Raymond J. Simon appears on track for a big promotion at the Department of Education.
President Bush this month nominated the longtime educator and former Arkansas state schools chief to take the No. 2 slot at the department, where he now serves as a popular and high-profile assistant secretary.
“I think he’s going to be a good selection,” said Sen. Edward M. Kennedy of Massachusetts, the top Democrat on the Senate education committee, which must approve the nomination before sending it to the full Senate. “I haven’t talked to the chairman about this yet,” Sen. Kennedy said in an interview last week, referring to Sen. Michael B. Enzi, R-Wyo., “but it should be pretty simple, pretty quick.”
Meanwhile, Mississippi state schools Superintendent Henry L. Johnson, who has been a vocal supporter of the federal No Child Left Behind Act, is reportedly being considered to replace Mr. Simon as the assistant secretary for elementary and secondary education.
There has long been speculation that Mr. Simon would get the president’s nod for the deputy secretary’s slot. He is well-liked in Washington policy circles and far beyond the Capital Beltway.
President Bush’s April 15 nomination of Mr. Simon was welcomed by some prominent education groups here, including the Council of Chief State School Officers.
The council “could not be more pleased,” said its executive director, G. Thomas Houlihan. “He is a practitioner who’s lived in the shoes of people who have to carry out this [No Child Left Behind] legislation.”
“Our dealings with Mister Simon have worked out really well,” said Bruce Hunter, the chief lobbyist for the American Association of School Administrators, based in Arlington, Va. “He has been there in the chair, trying to make things work on a day-to-day basis, and that’s part of the reason why his dealings with administrators have been so generally positive.”
A ‘Natural Step’
Mr. Simon has spent his entire professional career in education, with stints as a math teacher, school principal, district superintendent, and Arkansas state chief. Since joining the federal Education Department in December 2003, he’s played a key role in carrying out the No Child Left Behind Act. The measure, which President Bush signed in January 2002, is under fire from state legislatures, teachers’ unions, and others for its mandates on school improvement and what critics say is inadequate funding.(“Union, States Wage Frontal Attack on NCLB,” and “Chiefs’ Group, Federal Department on Better Terms,” April 27, 2005.)
Mr. Simon said that, if the Senate confirms his nomination, he expects to remain deeply involved with the law’s implementation.
“Should I be fortunate enough to be confirmed, it’s going to be a very natural step for me in view of the fact that the secretary has reorganized the department, and basically the deputy secretary will have immediate oversight in working with the ‘little kids,’ we call it, K-12,” he said in an interview after testifying April 20 on early-childhood education before a Senate subommittee.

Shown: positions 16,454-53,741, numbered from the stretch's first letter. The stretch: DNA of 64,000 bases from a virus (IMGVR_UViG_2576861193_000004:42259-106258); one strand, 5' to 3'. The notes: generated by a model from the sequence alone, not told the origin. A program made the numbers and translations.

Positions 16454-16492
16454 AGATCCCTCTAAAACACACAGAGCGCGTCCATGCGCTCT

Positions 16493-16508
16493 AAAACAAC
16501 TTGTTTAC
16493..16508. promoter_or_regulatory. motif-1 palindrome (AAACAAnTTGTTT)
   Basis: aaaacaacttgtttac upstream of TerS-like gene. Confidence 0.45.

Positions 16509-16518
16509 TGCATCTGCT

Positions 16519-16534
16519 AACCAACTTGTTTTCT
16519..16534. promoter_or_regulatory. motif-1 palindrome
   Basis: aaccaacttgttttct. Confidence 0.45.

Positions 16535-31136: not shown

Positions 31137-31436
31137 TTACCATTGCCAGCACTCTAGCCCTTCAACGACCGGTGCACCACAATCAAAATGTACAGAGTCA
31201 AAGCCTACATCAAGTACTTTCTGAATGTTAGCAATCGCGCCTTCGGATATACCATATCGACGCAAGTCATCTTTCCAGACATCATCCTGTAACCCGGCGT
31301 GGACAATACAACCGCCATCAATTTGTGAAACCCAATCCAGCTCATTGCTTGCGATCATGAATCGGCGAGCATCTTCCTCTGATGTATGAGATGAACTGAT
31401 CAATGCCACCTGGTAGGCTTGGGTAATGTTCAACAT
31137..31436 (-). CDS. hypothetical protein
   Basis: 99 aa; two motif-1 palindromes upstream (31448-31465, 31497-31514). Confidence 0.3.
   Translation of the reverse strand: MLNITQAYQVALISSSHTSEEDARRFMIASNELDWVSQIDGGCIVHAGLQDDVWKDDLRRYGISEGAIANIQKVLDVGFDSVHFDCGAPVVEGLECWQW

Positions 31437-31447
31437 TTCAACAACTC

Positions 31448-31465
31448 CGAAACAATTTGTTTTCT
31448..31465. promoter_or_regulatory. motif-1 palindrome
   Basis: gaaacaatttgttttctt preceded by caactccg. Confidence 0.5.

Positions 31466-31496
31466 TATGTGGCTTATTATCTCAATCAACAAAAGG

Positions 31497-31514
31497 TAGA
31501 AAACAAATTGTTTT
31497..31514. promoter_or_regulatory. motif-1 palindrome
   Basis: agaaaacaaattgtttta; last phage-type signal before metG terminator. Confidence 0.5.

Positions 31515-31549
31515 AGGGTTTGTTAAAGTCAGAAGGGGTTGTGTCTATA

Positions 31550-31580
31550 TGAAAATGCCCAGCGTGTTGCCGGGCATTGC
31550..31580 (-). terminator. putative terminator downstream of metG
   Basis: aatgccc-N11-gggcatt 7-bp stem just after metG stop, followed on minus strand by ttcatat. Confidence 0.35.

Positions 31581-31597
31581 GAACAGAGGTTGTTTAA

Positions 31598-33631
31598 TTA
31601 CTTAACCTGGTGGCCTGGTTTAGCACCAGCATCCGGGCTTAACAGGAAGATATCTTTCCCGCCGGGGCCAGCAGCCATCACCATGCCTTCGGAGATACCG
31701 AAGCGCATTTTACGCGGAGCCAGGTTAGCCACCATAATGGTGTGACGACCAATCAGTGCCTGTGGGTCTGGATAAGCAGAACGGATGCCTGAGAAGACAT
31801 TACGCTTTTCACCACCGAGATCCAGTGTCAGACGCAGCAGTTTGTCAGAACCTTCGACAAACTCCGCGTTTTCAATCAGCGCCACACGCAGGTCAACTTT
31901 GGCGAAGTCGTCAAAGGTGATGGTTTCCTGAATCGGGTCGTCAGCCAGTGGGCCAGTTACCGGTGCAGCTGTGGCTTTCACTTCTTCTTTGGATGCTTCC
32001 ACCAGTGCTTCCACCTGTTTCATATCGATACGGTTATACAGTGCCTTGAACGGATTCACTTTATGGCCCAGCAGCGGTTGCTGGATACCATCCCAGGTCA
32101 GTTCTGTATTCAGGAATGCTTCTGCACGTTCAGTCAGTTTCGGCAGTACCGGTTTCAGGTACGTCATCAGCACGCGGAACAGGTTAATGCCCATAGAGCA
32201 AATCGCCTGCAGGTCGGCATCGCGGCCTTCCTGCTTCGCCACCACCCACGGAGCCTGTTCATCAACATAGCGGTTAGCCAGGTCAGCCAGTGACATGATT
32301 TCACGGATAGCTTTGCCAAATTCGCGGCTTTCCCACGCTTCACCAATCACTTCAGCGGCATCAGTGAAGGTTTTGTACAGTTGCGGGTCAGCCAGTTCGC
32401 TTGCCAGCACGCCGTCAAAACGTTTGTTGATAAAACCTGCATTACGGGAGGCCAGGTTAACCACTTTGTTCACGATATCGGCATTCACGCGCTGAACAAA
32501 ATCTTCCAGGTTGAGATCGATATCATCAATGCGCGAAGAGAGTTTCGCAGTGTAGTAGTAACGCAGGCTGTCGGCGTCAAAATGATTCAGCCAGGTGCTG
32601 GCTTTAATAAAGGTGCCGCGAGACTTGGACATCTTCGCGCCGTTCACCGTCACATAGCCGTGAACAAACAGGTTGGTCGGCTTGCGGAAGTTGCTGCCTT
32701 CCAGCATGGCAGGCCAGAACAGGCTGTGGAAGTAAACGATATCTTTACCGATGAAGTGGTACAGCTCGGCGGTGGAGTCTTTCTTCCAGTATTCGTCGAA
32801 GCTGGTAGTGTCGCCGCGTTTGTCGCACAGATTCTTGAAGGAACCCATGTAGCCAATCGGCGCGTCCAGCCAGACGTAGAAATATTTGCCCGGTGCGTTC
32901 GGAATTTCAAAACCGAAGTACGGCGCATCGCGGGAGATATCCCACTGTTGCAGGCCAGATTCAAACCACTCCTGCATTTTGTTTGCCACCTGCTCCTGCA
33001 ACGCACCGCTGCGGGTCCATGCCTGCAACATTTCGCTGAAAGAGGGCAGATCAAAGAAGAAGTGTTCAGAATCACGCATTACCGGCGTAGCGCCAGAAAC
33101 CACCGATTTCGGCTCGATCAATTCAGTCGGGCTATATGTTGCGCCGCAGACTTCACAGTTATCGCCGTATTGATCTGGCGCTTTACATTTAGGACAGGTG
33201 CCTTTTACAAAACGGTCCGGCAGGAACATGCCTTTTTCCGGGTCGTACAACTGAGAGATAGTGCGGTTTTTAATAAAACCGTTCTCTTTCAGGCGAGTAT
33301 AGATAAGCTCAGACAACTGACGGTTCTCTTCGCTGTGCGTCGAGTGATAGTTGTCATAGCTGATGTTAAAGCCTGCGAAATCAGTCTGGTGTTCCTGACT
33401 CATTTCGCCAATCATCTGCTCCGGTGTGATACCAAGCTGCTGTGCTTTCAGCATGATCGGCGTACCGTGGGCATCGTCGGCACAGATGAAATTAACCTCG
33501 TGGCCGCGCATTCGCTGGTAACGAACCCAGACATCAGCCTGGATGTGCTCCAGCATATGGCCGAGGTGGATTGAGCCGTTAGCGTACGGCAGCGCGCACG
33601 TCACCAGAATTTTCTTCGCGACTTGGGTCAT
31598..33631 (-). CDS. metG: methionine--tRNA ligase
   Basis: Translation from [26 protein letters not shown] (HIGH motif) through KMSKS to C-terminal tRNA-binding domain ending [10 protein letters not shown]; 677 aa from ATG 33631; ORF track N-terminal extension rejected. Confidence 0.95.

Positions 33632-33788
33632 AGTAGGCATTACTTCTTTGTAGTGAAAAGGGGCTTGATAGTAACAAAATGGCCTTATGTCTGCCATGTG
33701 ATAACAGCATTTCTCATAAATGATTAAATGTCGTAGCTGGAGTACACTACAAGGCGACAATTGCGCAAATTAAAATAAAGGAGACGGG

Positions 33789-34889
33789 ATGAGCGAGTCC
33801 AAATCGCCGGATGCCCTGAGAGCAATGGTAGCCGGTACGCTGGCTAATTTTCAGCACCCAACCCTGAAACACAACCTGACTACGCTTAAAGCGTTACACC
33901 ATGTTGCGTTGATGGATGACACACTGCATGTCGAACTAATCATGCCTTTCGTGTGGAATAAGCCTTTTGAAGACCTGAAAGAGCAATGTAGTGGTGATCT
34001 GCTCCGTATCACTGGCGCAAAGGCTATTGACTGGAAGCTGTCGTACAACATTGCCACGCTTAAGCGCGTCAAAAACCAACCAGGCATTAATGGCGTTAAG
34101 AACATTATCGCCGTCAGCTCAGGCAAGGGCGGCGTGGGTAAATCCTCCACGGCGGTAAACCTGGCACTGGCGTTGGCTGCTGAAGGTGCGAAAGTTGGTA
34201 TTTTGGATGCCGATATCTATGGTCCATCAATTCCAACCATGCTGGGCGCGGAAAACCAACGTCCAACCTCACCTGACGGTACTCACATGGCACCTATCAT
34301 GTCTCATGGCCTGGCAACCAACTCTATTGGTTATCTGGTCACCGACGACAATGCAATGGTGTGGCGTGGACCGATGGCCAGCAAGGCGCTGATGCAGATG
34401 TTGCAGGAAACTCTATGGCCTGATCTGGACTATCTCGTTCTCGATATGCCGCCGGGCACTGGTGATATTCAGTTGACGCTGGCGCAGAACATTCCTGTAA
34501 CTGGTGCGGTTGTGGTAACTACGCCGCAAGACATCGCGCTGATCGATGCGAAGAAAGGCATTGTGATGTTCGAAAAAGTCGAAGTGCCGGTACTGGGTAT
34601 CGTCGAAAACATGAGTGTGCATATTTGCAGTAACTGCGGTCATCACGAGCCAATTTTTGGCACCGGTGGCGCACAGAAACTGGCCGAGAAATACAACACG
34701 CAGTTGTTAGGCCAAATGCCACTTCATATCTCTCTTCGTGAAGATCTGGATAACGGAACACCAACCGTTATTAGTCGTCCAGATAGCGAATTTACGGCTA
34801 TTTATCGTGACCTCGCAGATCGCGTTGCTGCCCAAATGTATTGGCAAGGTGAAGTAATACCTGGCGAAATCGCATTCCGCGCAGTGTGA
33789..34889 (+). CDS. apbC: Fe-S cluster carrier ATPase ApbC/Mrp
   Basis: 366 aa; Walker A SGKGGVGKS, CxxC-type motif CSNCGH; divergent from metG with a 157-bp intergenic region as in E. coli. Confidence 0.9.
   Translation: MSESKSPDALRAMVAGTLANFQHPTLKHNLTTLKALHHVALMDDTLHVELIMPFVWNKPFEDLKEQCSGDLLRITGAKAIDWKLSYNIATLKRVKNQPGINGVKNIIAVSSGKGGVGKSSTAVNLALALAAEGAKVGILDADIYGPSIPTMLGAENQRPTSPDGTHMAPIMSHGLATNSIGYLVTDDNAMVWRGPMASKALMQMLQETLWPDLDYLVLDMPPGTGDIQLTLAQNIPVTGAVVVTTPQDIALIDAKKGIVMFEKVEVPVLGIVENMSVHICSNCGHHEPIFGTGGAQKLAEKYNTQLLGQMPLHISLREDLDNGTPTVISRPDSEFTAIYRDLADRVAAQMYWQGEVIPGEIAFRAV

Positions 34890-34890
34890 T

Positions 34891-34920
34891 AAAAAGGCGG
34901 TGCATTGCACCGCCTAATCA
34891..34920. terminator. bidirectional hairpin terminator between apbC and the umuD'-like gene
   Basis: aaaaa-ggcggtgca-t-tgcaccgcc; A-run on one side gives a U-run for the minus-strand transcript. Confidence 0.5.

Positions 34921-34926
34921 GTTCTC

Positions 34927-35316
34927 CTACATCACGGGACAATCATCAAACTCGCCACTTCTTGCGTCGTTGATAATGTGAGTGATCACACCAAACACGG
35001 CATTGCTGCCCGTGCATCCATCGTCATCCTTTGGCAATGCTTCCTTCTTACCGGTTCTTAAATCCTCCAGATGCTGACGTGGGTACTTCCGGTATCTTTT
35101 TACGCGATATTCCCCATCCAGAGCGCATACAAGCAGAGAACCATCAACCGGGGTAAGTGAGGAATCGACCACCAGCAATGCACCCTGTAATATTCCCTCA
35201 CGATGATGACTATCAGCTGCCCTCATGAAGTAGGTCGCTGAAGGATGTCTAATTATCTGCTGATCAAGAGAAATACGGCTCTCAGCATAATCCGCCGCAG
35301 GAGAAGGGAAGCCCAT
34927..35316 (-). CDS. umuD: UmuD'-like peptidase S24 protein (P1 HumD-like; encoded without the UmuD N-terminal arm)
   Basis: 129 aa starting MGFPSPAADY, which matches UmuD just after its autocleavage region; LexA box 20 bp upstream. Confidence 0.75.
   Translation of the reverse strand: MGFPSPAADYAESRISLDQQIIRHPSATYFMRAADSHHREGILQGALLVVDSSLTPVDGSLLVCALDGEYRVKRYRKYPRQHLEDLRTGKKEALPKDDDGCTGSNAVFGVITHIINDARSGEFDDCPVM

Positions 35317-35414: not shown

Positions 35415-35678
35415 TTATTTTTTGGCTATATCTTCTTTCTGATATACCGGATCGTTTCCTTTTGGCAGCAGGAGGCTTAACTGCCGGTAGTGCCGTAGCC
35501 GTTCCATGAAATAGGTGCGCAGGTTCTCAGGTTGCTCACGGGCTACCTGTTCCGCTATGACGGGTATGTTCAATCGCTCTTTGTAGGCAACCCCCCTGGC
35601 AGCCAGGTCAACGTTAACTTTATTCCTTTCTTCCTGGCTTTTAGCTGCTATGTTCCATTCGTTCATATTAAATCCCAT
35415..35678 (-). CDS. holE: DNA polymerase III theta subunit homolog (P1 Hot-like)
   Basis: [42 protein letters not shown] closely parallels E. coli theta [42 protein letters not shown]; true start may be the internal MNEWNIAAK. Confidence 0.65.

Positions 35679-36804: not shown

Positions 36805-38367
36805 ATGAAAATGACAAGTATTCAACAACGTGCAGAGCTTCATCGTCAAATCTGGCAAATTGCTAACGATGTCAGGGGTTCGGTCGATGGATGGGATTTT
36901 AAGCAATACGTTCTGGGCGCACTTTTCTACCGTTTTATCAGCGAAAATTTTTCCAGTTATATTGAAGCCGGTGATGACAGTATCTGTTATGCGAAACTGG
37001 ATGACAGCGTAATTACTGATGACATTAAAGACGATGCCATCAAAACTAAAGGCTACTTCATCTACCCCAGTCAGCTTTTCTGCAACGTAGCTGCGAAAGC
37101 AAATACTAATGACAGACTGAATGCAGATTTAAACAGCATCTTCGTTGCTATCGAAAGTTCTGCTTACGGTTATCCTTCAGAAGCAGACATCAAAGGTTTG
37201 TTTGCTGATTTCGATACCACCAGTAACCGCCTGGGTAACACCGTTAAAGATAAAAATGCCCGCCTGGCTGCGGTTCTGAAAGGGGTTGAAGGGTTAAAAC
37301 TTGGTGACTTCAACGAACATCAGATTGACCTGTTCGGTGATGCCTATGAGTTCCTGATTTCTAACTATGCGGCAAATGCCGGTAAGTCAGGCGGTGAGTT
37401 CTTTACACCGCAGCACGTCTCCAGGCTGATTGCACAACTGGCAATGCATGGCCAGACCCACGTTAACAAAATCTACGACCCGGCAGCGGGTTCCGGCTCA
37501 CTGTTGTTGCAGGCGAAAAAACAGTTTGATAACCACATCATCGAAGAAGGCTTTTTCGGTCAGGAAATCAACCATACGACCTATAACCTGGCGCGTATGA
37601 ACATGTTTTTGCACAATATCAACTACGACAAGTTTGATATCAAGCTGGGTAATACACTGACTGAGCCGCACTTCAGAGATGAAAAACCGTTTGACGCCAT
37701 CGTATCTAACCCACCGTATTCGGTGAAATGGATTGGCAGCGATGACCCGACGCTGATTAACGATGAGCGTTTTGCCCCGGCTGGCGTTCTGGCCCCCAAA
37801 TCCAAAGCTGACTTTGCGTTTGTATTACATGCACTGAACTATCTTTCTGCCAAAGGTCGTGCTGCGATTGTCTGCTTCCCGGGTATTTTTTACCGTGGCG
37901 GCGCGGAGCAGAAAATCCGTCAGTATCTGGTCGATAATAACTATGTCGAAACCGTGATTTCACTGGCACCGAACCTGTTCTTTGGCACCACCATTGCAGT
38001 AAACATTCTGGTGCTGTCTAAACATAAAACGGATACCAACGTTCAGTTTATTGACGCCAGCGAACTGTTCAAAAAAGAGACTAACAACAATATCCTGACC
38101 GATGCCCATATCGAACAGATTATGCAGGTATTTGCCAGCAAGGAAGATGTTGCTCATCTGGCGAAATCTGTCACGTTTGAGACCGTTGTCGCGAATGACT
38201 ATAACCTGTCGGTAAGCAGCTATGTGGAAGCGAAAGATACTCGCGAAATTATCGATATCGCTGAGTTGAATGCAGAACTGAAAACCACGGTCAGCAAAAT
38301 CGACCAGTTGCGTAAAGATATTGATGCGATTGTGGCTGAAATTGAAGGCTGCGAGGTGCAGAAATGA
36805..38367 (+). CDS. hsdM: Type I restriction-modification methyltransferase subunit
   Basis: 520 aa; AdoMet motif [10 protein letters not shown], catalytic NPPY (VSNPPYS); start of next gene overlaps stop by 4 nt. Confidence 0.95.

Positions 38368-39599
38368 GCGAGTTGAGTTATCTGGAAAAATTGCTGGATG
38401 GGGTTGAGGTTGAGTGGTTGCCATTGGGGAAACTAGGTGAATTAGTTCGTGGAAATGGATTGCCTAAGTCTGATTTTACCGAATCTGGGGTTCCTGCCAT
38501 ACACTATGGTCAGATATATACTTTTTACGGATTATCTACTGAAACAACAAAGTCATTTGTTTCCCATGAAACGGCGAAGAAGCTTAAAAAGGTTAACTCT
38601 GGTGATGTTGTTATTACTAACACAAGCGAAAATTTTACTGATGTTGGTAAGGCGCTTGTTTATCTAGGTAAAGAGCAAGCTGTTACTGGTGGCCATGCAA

“It would be an opportunity,” he said, “to really make sure that the resources of the department are truly focused on the mission of No Child Left Behind.”
Secretary of Education Margaret Spellings in March announced plans to revamp the agency’s structure, including the creation of two new offices headed by assistant secretaries. (“Spellings Puts Her Stamp on Department,” March 11, 2005.)
A day before his Senate testimony, Mr. Simon showed a lighter side to his former colleagues at the CCSSO’s annual legislative conference. Starting an hourlong question-and-answer session, he joked about how thoroughly the FBI vets potential nominees for positions such as deputy secretary of education.
He filled out a questionnaire that asked, among other things, whether he had ever used drugs illegally. “Answer ‘yes,’ ” he said, “even if you didn’t inhale.”
That and other jokes drew laughter from CCSSO members, and his message was received warmly. He promised that the department would review state accountability plans—blueprints for how states will meet accountability requirements under the NCLB law—in the “most objective manner as we possibly can.”
If confirmed, Mr. Simon would replace Eugene W. Hickok, who stepped down as deputy secretary early this year.
As for the vacancy Mr. Simon’s promotion would create, the Bush administration may look to fill it with Mr. Johnson, the Mississippi education superintendent. The White House declined to comment on the matter.
Mr. Johnson, Mississippi’s first African-American state schools chief since Reconstruction, could not be reached for comment last week. He told the Jackson, Miss., Clarion-Ledger newspaper this month that he was being considered for the K-12 assistant secretary’s post, but that no formal offer had been made.
Kenny Bush, a member of the Mississippi board of education who helped hire Mr. Johnson in 2002, would not comment when asked whether the schools chief would accept the federal post. But he said that Washington’s gain would be Mississippi’s loss.
“He would be great at traveling, giving speeches, at helping the U.S. Department of Education serve the various states,” the state board member said. “I think he would bring tremendous credibility to the U.S. Department of Education. My only concern would be whether he would have the patience to put up with the bureaucracy in Washington.”
Assistant Editor David J. Hoff and Staff Writer Alan Richard contributed to this story.